Half Past Dead is a spy action film for generation Y or Z. In some ways it may not seem like a spy film at all, but Steven Seagal’s character is an undercover F.B.I. agent. Clearly that means it is a spy movie, but it is not in the classic style. In fact, when watching the film, we are not supposed to know who the ‘spy’ is, which is a key plot point and adds to the intrigue. At this point, you are probably saying, “why did you spoil it?” On the cover of the DVD I saw, it clearly states that ‘Half Past Dead sees Seagal as an undercover F.B.I. agent…’ No surprises left. Onto the movie itself.
Akeido Master, Steven Seagal plays Sasha Petrosevitch, a career criminal, who specialises in stealing and driving fast cars. When we first meet Sasha, he is awoken by his employer, Nick Frazier (Ja Rule), and his boss, the head of the whole syndicate. It seems that the syndicate has an F.B.I. informer in it’s midst. Sasha is forced to undergo a polygraph test, which he passes with flying colours. He is in the clear, and free to continue his criminal activities.
That night, after Sasha and Frazier have boosted a car and taken it to a chop-shop to be altered, the F.B.I. storm the building. The F.B.I team leader, Special Agent Ellen Williams (Claudia Christian) tries to convince Frazier to surrender. Instead, Frazier keeps winking at her, and threatening to shoot it out. We, the viewers, are supposed to think that the ‘winking’ is some kind of code to the F.B.I., and that Frazier is the informant. It is in fact a nervous tick, and he continues to do it throughout the movie. But none-the-less, a nice red herring. Naturally enough the standoff between Frazier and his men, and the F.B.I. escalates and a firefight results.
In the gun battle, Sasha is shot. We next see the medics working feverishly in an attempt to bring him back to life. The monitor beside them shows a flat-line, and although not reflected in the movie, some twenty two minutes pass before he is revived. In this movie, dying and being brought back to life is called ‘Half Past Dead’.
The film skips ahead nine months, and Alcatraz Prison has reopened. It is now called New Alcatraz, and it houses the worst of the worst. The newest lot of arrivals include Sasha and Frazier. Although arriving at the same time, they have spent the preceding nine months in different prisons. They have not seen each other since the night of the shootout.
The film has many awkward moments, but surely the most surreal is when the new arrivals are marched through in single file to their cells. Seagal’s strut has to be seen to be believed. All the other young punks glide through the gates with attitude, but middle-aged Seagal’s head wobbles without rhythm, like a dashboard ornament in an old car. If I didn’t know better, I’d say it was a comedy routine.
In general, this film has a youthful edge. It was never made for my generation. It was made for fifteen year old boys. So it’s okay if I don’t like it. Every generation has their own thing. So why is a dinosaur like Steven Seagal doing acting with Ja Rule and Kurupt. Or more to the point, what do the youngsters want with Steven Seagal? I don’t have an answer, but Seagal’s attempt to be young, hip and ‘with it’, dude, are clumsy.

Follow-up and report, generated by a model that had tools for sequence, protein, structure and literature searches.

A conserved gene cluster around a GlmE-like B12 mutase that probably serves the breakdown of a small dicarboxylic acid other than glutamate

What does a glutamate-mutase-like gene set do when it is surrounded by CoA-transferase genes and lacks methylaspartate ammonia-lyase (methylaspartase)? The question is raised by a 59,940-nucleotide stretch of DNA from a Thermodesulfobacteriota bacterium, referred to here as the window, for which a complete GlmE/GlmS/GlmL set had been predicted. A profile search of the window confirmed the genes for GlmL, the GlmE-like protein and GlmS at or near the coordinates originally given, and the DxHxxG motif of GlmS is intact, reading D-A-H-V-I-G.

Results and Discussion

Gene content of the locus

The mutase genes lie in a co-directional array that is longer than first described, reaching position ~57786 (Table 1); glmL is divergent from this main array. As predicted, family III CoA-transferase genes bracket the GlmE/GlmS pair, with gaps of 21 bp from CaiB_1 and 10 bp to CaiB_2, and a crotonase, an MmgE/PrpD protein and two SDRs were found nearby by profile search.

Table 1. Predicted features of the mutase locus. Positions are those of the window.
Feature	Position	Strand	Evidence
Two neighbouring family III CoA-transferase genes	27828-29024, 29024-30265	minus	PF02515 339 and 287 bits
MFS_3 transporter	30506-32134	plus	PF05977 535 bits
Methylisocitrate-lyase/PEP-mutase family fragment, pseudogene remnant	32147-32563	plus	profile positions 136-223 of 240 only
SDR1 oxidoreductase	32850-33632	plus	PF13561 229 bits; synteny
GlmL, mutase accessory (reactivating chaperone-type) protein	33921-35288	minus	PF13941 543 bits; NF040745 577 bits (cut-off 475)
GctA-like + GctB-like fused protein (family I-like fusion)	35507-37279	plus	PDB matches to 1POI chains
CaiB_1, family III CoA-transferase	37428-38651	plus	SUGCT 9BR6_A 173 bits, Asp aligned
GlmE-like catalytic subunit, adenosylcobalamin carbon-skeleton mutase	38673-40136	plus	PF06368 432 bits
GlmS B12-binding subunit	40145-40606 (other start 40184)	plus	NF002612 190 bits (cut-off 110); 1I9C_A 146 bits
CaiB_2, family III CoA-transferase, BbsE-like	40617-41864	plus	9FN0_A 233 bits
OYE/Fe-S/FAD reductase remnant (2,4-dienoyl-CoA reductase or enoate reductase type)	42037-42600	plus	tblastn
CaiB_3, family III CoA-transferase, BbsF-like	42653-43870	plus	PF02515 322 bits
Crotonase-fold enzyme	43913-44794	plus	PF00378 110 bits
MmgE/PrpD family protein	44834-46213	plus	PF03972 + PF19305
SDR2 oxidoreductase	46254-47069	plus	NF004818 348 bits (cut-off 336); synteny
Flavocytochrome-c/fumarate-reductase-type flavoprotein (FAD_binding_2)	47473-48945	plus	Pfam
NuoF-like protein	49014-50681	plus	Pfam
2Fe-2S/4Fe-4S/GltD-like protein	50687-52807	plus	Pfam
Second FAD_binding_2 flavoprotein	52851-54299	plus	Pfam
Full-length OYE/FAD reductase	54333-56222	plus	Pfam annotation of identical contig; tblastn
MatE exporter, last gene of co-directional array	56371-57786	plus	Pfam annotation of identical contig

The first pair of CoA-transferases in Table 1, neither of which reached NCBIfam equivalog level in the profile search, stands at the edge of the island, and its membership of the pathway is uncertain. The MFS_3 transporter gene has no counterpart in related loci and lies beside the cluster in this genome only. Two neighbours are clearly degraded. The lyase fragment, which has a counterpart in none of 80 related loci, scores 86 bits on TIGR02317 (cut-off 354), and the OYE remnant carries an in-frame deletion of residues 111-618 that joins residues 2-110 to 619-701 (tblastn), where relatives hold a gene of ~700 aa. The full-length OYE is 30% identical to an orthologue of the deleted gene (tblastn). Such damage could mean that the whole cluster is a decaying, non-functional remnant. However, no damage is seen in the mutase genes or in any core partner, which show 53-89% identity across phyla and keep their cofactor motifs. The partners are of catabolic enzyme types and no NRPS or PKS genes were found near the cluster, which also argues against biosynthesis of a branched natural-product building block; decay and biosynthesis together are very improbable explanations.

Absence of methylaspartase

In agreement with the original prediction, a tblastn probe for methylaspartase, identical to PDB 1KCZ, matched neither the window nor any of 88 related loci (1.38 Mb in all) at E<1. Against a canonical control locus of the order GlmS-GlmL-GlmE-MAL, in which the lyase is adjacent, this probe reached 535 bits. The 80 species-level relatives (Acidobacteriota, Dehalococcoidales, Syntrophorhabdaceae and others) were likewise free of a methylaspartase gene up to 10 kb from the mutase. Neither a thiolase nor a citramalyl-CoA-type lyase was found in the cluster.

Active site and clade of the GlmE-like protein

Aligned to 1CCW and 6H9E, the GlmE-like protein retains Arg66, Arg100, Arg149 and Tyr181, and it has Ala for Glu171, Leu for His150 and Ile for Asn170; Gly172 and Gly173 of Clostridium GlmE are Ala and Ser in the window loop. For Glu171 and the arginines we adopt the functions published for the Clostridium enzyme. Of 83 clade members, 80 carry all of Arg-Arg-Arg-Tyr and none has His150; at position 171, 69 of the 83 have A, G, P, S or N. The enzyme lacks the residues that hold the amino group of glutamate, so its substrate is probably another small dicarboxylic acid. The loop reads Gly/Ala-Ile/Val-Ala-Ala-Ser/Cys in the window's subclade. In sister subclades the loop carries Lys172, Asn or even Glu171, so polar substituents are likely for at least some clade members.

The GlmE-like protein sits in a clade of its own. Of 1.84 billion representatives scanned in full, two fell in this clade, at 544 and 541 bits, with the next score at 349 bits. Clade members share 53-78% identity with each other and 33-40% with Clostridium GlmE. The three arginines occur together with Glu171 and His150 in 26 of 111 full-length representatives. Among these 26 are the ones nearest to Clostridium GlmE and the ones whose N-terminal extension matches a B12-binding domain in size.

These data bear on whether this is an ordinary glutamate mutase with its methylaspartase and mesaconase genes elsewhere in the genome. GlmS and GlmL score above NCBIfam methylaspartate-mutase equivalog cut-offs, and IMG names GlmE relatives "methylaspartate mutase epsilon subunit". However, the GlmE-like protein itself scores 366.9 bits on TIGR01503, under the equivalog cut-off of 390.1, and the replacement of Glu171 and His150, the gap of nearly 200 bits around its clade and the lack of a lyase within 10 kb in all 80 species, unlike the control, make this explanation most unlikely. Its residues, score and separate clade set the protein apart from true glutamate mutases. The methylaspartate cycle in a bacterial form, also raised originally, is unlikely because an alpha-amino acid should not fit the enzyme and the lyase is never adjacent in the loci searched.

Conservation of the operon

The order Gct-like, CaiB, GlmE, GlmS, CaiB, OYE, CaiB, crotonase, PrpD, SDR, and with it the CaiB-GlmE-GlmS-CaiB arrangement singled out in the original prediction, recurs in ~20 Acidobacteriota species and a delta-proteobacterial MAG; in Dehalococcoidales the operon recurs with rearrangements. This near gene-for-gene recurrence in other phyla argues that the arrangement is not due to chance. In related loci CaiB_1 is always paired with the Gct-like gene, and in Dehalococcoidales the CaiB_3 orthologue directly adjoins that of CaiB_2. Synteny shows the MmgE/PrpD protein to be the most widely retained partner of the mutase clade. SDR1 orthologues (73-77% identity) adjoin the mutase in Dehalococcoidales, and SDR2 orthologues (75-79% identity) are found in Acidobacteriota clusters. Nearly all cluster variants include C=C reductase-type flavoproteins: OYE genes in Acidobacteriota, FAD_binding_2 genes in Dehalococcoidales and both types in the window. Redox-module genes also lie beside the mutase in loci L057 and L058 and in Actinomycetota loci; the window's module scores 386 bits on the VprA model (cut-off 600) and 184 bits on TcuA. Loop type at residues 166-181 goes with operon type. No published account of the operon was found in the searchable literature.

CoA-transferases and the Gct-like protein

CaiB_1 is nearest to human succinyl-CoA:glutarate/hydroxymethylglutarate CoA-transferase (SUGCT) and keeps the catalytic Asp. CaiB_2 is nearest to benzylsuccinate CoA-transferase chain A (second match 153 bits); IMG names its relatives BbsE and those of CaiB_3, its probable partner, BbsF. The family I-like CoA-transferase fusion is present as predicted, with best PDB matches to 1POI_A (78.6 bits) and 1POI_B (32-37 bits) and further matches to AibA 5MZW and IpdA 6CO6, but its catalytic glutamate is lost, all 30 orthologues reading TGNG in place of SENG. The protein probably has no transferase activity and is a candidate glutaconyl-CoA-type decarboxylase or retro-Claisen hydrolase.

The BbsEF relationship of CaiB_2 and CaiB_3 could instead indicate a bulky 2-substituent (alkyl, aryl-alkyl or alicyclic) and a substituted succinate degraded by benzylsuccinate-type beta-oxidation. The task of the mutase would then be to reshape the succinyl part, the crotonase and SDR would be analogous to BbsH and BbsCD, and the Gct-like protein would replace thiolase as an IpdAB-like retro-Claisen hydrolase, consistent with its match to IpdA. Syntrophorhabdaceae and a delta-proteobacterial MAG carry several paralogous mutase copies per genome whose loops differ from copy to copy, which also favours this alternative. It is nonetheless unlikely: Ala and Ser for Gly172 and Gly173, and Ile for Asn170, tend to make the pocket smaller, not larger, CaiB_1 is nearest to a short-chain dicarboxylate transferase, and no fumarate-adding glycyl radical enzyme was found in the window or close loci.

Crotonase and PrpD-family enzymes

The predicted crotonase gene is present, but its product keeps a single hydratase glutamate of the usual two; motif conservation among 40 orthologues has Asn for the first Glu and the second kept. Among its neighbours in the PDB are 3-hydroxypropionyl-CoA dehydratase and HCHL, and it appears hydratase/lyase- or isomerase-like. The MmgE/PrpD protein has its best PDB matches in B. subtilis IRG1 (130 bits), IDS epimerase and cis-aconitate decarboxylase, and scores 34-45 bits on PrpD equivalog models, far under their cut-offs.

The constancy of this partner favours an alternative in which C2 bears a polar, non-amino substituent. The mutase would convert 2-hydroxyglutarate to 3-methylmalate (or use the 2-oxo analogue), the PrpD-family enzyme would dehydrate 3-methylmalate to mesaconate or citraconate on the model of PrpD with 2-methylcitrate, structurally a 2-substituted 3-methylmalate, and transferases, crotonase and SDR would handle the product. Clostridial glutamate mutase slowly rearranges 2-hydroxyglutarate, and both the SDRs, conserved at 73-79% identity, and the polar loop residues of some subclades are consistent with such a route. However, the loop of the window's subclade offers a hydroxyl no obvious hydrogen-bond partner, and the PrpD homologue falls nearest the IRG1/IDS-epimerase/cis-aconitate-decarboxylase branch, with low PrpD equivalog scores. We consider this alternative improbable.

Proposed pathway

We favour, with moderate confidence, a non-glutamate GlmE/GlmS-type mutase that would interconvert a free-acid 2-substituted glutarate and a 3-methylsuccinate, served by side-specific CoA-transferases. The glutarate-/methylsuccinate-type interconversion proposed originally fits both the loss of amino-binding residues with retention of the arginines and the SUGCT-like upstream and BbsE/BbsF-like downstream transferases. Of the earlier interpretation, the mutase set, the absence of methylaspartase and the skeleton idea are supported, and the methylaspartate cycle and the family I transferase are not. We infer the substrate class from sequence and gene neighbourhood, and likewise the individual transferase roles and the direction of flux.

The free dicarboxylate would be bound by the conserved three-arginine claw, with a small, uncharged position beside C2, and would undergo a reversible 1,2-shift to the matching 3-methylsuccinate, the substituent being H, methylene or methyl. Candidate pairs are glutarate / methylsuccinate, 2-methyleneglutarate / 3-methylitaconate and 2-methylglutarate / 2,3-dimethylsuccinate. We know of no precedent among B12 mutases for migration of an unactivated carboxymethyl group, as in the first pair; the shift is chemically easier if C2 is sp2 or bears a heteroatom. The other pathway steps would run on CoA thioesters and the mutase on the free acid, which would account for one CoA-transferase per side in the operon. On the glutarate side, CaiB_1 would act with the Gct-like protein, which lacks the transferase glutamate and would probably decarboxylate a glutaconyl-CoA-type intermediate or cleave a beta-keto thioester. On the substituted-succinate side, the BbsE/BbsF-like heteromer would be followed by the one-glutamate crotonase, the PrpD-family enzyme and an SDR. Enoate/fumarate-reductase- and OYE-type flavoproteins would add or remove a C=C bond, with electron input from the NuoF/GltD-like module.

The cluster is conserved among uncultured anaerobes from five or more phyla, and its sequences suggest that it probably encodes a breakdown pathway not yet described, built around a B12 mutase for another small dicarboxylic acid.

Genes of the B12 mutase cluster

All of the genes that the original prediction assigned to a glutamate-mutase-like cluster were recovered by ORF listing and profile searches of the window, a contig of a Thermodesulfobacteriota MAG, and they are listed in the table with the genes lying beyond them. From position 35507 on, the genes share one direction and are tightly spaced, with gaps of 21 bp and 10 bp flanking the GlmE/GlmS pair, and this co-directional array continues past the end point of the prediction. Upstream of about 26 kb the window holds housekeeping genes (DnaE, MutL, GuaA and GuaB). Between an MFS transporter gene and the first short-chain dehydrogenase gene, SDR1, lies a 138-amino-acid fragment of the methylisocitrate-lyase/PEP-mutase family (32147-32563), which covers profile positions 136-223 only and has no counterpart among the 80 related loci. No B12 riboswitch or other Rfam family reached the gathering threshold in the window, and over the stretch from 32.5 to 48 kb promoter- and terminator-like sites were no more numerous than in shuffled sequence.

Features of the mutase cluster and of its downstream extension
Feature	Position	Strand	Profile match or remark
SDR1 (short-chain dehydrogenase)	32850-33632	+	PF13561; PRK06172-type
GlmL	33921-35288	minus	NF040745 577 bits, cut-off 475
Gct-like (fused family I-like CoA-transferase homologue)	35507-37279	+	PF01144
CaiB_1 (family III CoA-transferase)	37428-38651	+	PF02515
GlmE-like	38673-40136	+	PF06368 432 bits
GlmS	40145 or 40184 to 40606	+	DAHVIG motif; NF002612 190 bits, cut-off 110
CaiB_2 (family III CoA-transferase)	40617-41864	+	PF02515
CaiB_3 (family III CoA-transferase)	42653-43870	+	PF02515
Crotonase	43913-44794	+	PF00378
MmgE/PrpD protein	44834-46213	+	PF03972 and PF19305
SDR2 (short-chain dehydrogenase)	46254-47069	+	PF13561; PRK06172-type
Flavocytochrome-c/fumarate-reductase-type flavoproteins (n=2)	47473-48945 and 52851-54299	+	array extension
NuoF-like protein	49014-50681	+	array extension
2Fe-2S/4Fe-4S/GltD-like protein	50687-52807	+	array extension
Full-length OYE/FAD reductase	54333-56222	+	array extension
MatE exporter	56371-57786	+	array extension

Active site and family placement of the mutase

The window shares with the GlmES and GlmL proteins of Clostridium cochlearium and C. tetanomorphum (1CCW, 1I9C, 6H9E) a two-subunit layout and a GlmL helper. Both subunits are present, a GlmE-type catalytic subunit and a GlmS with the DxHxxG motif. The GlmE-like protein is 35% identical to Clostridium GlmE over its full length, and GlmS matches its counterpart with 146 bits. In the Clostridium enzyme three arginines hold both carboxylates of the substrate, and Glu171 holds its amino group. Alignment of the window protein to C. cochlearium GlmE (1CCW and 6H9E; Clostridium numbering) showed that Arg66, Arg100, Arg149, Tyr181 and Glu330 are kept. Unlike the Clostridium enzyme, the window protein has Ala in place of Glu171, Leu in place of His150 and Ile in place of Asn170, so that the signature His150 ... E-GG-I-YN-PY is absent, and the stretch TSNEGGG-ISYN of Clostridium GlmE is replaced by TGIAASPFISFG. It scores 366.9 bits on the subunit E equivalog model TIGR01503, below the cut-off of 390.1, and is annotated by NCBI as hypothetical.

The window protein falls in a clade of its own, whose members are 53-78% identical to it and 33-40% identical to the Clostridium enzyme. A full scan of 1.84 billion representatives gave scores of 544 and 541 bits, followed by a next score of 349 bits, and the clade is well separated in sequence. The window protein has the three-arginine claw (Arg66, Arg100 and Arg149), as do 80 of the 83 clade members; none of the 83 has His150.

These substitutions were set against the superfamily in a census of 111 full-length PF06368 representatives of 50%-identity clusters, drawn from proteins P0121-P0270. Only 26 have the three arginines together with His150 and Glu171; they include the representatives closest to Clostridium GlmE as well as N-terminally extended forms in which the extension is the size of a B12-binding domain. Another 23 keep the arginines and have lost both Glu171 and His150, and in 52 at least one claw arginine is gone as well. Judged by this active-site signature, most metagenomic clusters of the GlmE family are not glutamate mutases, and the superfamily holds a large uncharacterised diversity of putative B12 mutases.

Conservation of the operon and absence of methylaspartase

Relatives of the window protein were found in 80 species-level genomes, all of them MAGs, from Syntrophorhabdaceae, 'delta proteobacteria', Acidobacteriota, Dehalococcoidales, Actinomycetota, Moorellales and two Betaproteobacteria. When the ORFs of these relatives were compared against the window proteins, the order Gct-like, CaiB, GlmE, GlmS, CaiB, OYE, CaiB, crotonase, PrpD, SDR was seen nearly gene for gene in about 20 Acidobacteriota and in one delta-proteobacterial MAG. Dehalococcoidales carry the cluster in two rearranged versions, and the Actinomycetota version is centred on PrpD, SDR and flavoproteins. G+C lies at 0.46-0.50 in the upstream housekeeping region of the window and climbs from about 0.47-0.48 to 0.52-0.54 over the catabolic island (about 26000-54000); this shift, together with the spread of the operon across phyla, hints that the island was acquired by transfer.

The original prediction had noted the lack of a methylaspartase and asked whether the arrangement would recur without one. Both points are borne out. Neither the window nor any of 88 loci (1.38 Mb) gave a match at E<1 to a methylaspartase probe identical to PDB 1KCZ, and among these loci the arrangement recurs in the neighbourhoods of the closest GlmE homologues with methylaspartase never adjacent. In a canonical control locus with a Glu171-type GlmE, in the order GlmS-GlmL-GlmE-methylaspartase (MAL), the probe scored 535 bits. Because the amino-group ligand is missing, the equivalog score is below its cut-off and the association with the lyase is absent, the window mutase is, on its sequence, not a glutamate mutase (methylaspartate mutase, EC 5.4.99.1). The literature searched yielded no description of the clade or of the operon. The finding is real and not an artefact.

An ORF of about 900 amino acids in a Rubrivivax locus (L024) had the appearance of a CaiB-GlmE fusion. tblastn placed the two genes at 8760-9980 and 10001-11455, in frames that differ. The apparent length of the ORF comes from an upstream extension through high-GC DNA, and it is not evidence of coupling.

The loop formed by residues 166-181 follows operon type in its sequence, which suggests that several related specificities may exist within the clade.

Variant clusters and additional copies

Anyway, back to the story. New Alcatraz has a brand spanking new execution chamber, and on this evening it is going to be christened. Lester McKenna (Bruce Weitz), a prisoner who has been appealing against his sentence for seventeen years is to be executed at midnight. But Lester has a backstory. All those years ago, he stole two hundred million dollars worth of gold bars. And in the time he has been in prison, he has never divulged their location to anyone. It seems like his secret is going to go to the grave with him.
One militant group of mercenaries, run by Donald Robert Johnson (Morris Chestnut) has other ideas. His team parachute into Alcatraz, eliminating the guards on the outside. Once inside, they systematically make their way to the execution chamber, killing anyone who stands in their way. Initially the inmates do not pose a problem, as they are happy to be freed from their cells and support any breakdown of the ‘system’. But all guards are shot.
Johnson and his mercenaries’ plan was simple. Parachute in. Get Lester. And then a helicopter, will meet them, and fly them to safety. Well it ‘was’ simple. Unfortunately for the merc’s, a violent storm hits San Francisco. The helicopter pilot, who was coming to retrieve them, was flying blind as he approached Alcatraz. As he attempted to land, he hit one of the guard towers, and the helicopter crashed.
Now Johnson and Co. have no way out. They take everyone hostage, including Lester and the High Court Judge, Jane McPherson (Linda Thorson- Avengers fans will remember her as Tara King), who is attending the condemned prisoner’s execution. Once the hostages have been taken, it is a different ballgame, and it is up to Sasha and a group of misfit prisoners to take back the prison and free the hostages. Yep, it’s a lot like Seagal’s hit film Under Siege, and with the Alcatraz setting, there is a bit of The Rock in there too. But Half Past Dead is not up to their standard.
If you take Half Past Dead for what it is, a loud, noisy action flick, aimed at the youth market, then it isn’t too bad. But more seasoned viewers will find that they have seen this all before, and performed by much more charismatic actors than we have on display here.
Apparently a sequel has been made to this called (funnily enough) Half Past Dead 2. Steven Seagal has opted out on this one, and Bill Goldberg plays the lead.
This review is based on the Sony Pictures Home Entertainment Australia DVD